Baia's Wine Aladasturi 2021

  • $65.00

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Notes: Currant, Cranberry Pepper

Body: Medium

Dryness: Very Dry

Acidity: Medium

Tannin: Medium

Alcohol (%): 11

Origin: Imereti, Georgia

Maker: Baia's Wine


  • Aladasturi

Fermentation: Organic, Natural, Biodynamic Qvevri


Decanting: 30 minutes

Asian Food Pairing: Lechon, Char Kway Tiao, Stiry fry pork jowl

Western Food Pairing: Pair with pork braised with apples, lamp chops, meatball marinara


Baia's Wine Aladasturi 2021

Baia's Wine Aladasturi is made by the young woman winemaker Gvantsa Abuladze, sister of Baia Abuladze. Garnet colour. Aromas of red berries and floral notes fill the nose. The medium-bodied palate is dry, has expressive flavours and presents integrated tannins. Red currant and cranberry couple with pepper and savoury spices to create a unique and harmonious wine.

100% Aladasturi. This indigenous Georgian grape variety comes from 16-year-old vines in Baia's Wine vineyards on their estate in the village of Obcha. Obcha is located east of the Sairme Mountains and receives a slightly higher angle of sun rays with greater solar intensity. Cold and heavy air that collects between the high peaks of the Sairme Mountains during the night drains off the heights to join cold moist air. This creates a double cooling effect and cool nighttime temperatures, which are critical in developing high-quality grapes.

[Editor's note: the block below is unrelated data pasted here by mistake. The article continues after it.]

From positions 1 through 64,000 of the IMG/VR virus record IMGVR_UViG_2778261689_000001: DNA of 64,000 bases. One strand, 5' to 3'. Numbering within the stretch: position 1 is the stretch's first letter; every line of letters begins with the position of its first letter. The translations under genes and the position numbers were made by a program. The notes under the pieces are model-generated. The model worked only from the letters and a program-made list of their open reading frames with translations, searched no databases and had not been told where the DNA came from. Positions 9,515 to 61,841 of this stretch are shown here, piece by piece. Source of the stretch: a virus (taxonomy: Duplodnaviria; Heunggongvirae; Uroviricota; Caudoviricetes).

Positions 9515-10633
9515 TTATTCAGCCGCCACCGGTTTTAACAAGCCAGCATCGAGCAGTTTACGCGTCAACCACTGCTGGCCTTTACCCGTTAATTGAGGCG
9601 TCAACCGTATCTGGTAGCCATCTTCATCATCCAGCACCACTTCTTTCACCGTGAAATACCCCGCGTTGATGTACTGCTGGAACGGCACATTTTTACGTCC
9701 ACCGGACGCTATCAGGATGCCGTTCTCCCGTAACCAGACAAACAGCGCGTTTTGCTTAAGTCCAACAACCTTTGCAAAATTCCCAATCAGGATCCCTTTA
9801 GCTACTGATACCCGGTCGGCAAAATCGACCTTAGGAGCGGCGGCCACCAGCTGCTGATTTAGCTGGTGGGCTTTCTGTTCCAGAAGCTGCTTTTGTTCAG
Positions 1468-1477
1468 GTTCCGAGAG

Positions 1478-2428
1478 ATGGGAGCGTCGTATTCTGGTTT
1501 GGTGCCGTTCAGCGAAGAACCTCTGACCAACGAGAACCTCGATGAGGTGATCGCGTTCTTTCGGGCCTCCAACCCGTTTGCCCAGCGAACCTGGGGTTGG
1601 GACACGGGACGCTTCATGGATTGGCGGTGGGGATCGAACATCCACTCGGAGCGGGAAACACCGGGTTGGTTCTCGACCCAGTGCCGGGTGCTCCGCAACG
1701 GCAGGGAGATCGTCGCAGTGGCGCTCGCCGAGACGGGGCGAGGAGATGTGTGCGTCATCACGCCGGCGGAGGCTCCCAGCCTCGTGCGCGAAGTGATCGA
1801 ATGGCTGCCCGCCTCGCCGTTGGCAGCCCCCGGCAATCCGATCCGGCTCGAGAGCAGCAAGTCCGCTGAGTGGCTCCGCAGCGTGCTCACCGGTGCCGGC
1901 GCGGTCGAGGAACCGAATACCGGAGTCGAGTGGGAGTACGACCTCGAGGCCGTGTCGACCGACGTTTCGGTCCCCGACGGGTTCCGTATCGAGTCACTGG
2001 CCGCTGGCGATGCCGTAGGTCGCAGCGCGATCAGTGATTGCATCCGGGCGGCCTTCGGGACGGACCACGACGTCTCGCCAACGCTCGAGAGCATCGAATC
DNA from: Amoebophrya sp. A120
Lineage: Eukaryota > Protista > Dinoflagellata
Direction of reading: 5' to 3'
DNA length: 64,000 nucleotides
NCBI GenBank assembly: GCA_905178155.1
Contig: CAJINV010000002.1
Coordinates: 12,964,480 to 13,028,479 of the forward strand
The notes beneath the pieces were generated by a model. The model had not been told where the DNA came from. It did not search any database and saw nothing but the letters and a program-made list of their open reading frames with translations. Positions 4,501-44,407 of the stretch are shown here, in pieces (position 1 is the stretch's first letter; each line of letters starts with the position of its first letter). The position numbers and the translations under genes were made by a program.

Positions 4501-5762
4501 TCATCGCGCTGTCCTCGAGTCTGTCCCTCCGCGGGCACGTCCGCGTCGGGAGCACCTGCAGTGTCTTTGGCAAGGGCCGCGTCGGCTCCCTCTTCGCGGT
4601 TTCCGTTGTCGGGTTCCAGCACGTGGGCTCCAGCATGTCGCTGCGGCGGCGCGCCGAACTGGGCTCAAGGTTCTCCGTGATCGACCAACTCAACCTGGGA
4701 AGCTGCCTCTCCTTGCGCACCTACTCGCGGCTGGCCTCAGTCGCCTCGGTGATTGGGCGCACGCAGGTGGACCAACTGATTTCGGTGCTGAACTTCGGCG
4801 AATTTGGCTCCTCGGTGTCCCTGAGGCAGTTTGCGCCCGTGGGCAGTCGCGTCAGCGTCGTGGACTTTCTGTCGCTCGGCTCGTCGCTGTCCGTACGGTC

At an altitude of 324 metres, Baia's vineyards offer an ideal location and unique microclimate to grow premium grapes. The alluvial soils comprise of clay, gravel, sand and limestone.

After hand-picking, sorting and destemming, the grapes go through a gentle pressing. The result is put into Qvevri, where spontaneous fermentation begins. Maceration lasts for 3 months with only 30% of skins and wild yeasts. No filtering, low intervention, very low sulphites.

Want to know more about Qvevri winemaking?

Qvevri winemaking is practiced throughout Georgia, particularly in village communities where unique varieties of grapes are grown.

The name Qvevri refers specifically to the large lemon-shaped terracotta pots that are buried in the ground up to their necks during wine fermentation and maturation.
Burying the pots is an ancient form of refrigerationsince temperatures are cooler underground. This provides a longer maceration period for grapes on fermenting must, which would otherwise cause wine to spoil above ground. The extended maceration period develops an increase in aroma and flavour profiles in Qvevri wines.


Interested in other wines made from unique indigenous grapes? Check out Katogi Averoff Inima Xinomavro 2015.